New Books From Beaumont and Bernstein
I have received a stack of books lately--apparently the run-up to Father's Day has become the season of beer books. I'll try to review them all in coming weeks. Up today, books from two of the most prominent names in beer--Stephen Beaumont and Josh Bernstein.
Joshua M. Bernstein
288 pages, $25
Full Disclosure: I know Josh but we haven't spent as much time together as I'd like
Bernstein has written a homebrew book that features the recipes and formulations for 32 beers--that much is perhaps not too surprising. What is much more unusual is the way the information is presented. Each recipe comes from a different homebrewer, and they're scattered across the globe. There are Americans with IPA recipes, a Brazilian with a Belgian pale, a Pole with a Grodziskie, a Mexican with a Porter, a South African with a locally-hopped saison, an Argentinian making Argentine-hopped IPA, a New Zealander making Berliner weisse, and--you get the picture.
Each brewer gets an entry, and the chapters combine ethnography and reportage along with brewing techniques and instruction. Each brewer is profiled and their approach to brewing, local context, and set-up all get explored. An urban Berliner, for example, built his kit out on his balcony, fascinating neighbors who wondered what on earth he was doing. The section on wild beers is the most engrossing, and the people making them are--no surprise--offbeat and fascinating.
The book is aimed at other homebrewers, who will presumably pass around these recipes like they do growlers and pints at their local club. I personally found it more engaging on the ethnography side of things. Homebrewing, like any hobby, is distinctive. The people attracted to it may be as different as a hippie back-to-the-lander and a aerospace engineer, but the way their minds work have telltale patterns. Reading through the book reminded me of some of my cultural studies classes where the uniqueness of certain societies were revealed and explored. Homebrewers, whether in Buenos Aires or Brooklyn (hi Mary and Chris!), are all listening to a tune others miss.
As a bonus, Alan Taylor makes a surprise appearance, which made me smile.
Will Travel for Beer: 101 Remarkable Journeys Every Beer Lover Should Experience
224 pages, $20
Full Disclosure: Like Josh, I know Stephen but haven't spent as much time with him as I'd like.
Writers may know less about beer than the brewers they cover, less about hops than the people who grow them, less about business than the people who make their money selling six-packs. The thing they know more than just about anyone, though, is place. We are compelled by story and interest to go wherever the beer is made, which now means everywhere. Many writers will have traveled more extensively to places where beer is brewed than anyone else. And, if I had to guess which writer has trotted the globe most extensively, I'd put my money on Stephen Beaumont.
He's taken the experience of his extensive rambling and put it into Will Travel for Beer, which is one of the best beer travel books I've seen. It's short and pithy, with chapters that run no more than a few hundred words. They are far from comprehensive. Dublin gets four stops; Brussels just two. Portland gets four stops, and locals will be miffed to see one is a California brewery. But this is not a bug, it's the book's central feature. The problem with modern travel isn't information--that's everywhere. It's rather the opposite--narrowing one's focus to the essential. If you end up visiting any of the places Beaumont recommends, you'll add stops, and you'll have many resources to help you choose. What Beaumont does instead is far more valuable: he points to the place you should consider and more importantly, the reason you should go to these places.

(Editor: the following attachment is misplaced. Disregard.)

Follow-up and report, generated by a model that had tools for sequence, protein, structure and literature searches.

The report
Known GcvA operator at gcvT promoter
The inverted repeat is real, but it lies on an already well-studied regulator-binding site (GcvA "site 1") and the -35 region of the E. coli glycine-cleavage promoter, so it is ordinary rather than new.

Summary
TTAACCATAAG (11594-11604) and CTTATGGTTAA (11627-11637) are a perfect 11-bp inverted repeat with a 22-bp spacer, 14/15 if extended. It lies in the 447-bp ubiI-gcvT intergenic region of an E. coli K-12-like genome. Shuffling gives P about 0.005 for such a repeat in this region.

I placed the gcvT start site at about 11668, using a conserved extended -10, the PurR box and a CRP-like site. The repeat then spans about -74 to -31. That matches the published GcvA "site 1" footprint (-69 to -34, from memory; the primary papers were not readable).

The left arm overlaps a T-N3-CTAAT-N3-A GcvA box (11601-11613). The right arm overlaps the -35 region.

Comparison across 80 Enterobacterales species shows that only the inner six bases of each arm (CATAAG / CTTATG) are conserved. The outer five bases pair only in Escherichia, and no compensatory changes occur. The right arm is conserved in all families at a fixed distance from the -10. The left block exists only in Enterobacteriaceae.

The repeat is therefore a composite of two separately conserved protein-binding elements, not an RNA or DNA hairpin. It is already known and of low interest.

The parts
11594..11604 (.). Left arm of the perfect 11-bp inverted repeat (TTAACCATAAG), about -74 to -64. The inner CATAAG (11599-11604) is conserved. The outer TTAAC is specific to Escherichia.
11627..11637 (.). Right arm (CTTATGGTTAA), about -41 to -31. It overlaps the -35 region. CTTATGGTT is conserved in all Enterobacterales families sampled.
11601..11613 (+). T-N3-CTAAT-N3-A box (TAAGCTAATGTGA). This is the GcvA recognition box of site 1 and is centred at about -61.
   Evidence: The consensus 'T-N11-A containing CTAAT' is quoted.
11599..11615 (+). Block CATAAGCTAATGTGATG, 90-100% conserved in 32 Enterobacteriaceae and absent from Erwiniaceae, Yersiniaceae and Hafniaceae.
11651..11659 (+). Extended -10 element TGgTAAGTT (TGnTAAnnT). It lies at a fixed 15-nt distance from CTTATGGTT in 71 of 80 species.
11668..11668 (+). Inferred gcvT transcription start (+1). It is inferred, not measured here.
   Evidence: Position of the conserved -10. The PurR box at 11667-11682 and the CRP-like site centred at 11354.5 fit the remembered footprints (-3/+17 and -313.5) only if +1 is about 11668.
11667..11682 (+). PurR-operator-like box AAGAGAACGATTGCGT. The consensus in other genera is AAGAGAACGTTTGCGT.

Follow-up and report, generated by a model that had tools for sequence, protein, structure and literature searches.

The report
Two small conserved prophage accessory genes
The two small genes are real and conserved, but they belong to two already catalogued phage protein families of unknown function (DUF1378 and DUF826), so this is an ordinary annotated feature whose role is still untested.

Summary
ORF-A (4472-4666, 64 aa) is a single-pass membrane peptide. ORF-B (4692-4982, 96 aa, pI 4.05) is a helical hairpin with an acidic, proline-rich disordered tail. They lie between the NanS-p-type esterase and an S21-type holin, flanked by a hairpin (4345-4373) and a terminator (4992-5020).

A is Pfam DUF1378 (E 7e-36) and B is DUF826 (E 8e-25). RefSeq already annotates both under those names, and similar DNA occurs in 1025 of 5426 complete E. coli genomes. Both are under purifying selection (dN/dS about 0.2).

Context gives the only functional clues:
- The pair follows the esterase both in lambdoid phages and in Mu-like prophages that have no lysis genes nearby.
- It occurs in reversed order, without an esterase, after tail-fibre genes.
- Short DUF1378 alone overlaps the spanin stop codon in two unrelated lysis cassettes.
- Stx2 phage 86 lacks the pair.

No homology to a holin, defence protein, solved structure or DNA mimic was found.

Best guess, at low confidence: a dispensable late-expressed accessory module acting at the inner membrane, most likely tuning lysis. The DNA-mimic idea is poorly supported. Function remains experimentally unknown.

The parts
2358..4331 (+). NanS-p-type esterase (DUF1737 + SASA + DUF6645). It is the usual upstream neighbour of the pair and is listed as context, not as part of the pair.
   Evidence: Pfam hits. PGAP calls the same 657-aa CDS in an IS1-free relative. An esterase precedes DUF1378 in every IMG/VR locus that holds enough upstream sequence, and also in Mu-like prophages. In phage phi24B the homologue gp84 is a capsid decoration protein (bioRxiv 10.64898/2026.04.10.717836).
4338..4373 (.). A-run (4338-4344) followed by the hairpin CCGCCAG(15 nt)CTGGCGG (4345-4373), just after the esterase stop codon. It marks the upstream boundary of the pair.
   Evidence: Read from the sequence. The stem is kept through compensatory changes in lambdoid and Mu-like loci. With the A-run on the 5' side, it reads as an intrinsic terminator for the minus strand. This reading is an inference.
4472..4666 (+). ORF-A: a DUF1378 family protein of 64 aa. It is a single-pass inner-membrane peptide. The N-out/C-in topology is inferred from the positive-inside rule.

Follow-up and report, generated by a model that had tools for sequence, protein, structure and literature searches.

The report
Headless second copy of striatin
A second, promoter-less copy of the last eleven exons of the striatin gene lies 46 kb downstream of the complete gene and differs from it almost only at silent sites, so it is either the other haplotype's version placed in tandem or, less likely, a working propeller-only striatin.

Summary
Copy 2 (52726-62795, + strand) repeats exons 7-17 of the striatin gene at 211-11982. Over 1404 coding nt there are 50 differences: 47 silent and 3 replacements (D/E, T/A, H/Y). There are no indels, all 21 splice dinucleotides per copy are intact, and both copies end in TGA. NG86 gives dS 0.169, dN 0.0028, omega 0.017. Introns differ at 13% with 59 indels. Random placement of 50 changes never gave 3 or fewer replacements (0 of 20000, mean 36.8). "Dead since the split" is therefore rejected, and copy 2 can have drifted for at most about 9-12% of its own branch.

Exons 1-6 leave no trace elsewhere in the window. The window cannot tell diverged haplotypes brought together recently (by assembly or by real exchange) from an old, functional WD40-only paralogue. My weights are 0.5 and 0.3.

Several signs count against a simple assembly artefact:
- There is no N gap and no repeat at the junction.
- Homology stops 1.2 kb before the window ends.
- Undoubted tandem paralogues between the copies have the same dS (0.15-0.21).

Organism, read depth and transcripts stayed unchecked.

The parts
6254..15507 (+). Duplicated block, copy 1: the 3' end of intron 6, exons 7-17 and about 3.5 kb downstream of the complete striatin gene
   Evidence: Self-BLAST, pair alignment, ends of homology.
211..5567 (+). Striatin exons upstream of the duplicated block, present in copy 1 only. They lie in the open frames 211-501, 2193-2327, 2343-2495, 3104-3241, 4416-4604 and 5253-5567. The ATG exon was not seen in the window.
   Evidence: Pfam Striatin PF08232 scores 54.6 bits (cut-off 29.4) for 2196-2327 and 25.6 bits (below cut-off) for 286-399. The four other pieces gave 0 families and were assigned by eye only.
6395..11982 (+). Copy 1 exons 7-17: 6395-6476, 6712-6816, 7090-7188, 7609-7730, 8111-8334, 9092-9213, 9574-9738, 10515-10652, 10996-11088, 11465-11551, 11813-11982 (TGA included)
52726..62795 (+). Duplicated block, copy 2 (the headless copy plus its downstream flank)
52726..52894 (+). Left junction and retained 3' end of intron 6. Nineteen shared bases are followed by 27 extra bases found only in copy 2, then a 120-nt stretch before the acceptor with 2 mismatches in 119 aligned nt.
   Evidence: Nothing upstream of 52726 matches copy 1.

Take stop 11, Masham, subtitled "All in the family." This is not a stop most people would put on their list in a visit to England, and yet it is one of the most astute. That's the small town in Yorkshire where Theakston is located--as well as Black Sheep, the offshoot, modern-era brewery founded by members of the same family. Or maybe stop 65, New Glarus, WI, a town that rates a visit entirely because the local brewery is so interesting and important. There are 6,500 breweries in the US, and an entire chapter on New Glarus tells readers all they need to know about the relative stature of this one. Throughout the book, Beaumont selects places like these, alongside more famous destinations like Bamberg and London. They're the places serious beer fans need to put on their bucket list, and Beaumont explains why.
In the front matter, Beaumont discusses the need for beer travel in a world where good beer is so plentiful and imports so easy to obtain. Why would anyone go to Bamberg when Shlenkerla sends its beer to the states and the local brewery has a rauchbier on tap? Actually, I think the answer is embedded in that question. When beer becomes dissociated from its context, it becomes just another flavor. Nothing in the world makes beer seem more interesting, relevant, and distinctive than drinking it in the place it was brewed. In a world of plenty, getting off our duffs and seeing these places may be more important than ever. This book is a great place to start your planning.